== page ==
- Reward and recognition systems – what a board rewards will be what an organisation focuses on. Chose carefully, for the reward and recognition system will underpin and drive behaviour and, therefore, must be consistent with the values system;
- Leadership v Compliance – Leadership is about doing something because it is the right thing to do, whereas compliance is about doing something because it has to be done. Both achieve the same outputs (i.e. a risk management plan, a performance review) but very different outcomes. Leadership provided by the board in terms of best practise, values-based decision making and integrity in the way business is conducted will provide every clear and unambiguous direction to the whole organisation in terms of behaviour and culture.
- External behaviour – a director cannot have two sets of standards, i.e. behave one way as a board member and another as an ordinary citizen in another environment. If there is a conflict between roles for an individual board member, then a choice must be made, for nothing destroys culture quicker than conflicting behaviours and mixed messages by the leadership group.
- Monitoring & evaluation - whilst an organisation’s culture may be something that cannot be readily identified, this does not mean that the board does not or should not take steps to monitor performance in this area. Simply taking verbal advice that “all is ok” is not acceptable, as I’m sure these comments have been uttered in the past within organisations right before the full train wreck is revealed. Therefore, the board must put in place evidence-based systems that enable it to assess alignment between what is articulated as the preferred culture and what is actually happening on the ship floor. Surveys, focus groups, advisory groups, individual and collective meetings, are just a few ways that can assist a board assess actual performance and provide some comfort that the right culture is being promulgated and delivered throughout the organisation.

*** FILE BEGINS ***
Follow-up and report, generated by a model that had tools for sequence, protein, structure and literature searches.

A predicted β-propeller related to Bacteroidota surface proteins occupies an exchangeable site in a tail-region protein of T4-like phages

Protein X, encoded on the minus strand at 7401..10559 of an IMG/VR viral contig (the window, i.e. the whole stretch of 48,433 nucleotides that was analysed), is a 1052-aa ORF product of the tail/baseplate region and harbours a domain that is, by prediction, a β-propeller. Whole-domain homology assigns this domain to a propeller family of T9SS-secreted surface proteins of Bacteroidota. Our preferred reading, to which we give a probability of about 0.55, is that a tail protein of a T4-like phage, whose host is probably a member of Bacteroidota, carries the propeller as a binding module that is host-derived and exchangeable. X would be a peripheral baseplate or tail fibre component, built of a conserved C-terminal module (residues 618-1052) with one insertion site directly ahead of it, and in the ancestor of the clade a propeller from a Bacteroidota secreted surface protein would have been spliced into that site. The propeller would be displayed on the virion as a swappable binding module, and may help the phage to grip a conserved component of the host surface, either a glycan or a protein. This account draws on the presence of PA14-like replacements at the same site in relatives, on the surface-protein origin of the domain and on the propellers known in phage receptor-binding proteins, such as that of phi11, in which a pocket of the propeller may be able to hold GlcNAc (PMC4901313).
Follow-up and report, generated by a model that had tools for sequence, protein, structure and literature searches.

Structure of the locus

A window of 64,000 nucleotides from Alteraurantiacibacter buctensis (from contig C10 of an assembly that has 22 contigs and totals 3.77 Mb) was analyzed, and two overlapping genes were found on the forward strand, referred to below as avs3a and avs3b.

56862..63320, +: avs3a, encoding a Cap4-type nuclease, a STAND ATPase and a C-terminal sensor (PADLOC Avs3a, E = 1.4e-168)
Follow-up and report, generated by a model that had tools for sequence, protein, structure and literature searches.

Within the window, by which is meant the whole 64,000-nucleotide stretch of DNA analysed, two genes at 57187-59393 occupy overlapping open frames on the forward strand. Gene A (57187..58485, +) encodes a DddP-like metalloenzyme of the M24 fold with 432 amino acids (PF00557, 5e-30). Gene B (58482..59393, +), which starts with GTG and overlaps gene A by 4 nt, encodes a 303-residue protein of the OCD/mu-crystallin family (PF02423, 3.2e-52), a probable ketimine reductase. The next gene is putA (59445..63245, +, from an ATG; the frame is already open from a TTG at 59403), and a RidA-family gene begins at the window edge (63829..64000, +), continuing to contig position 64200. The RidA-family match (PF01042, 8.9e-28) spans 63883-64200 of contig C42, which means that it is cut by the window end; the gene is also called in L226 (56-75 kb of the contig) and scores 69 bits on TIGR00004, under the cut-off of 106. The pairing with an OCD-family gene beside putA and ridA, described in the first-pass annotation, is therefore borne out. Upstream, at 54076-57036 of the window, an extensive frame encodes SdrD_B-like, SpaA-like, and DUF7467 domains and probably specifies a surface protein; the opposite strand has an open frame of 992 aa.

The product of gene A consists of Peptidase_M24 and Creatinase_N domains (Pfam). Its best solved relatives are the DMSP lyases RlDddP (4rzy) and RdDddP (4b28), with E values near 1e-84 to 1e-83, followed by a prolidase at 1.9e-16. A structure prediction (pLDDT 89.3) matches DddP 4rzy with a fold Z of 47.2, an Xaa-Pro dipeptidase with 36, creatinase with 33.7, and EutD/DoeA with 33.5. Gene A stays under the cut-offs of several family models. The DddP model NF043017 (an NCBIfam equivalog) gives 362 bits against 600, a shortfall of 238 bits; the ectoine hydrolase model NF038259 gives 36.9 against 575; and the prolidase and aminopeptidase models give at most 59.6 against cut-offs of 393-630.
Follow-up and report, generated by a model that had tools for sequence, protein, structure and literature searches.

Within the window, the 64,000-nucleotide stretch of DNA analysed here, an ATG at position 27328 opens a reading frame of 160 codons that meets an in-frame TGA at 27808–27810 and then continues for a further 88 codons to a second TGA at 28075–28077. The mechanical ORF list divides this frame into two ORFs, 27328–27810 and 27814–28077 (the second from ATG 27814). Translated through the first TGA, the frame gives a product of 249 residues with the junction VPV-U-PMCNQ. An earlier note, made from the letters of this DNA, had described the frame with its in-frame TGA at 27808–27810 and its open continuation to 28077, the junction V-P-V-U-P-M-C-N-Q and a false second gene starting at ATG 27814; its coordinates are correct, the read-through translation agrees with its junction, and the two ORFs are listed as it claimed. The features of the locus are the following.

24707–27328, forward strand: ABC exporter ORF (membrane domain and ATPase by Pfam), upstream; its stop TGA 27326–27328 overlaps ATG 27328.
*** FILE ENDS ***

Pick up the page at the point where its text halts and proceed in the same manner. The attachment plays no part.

In summary, board members in non-profit organisations are generally part-time, non-executive leaders. They carry considerable responsibility and accountability, both individually and collectively, for the long-term success of the organisation they govern.
If we accept the premise that culture is a key ingredient for viability and sustainability, then the board must play a leadership role in both the creation of the right culture and the maintenance of that culture during their custodian period as a board member. Culture is as important as financial management, strategic planning and performance management, so, if your board does not have a handle on your establishment’s culture, then action should be taken sooner rather than later to elevate culture to its rightful place in the governance’s practices of your organisation.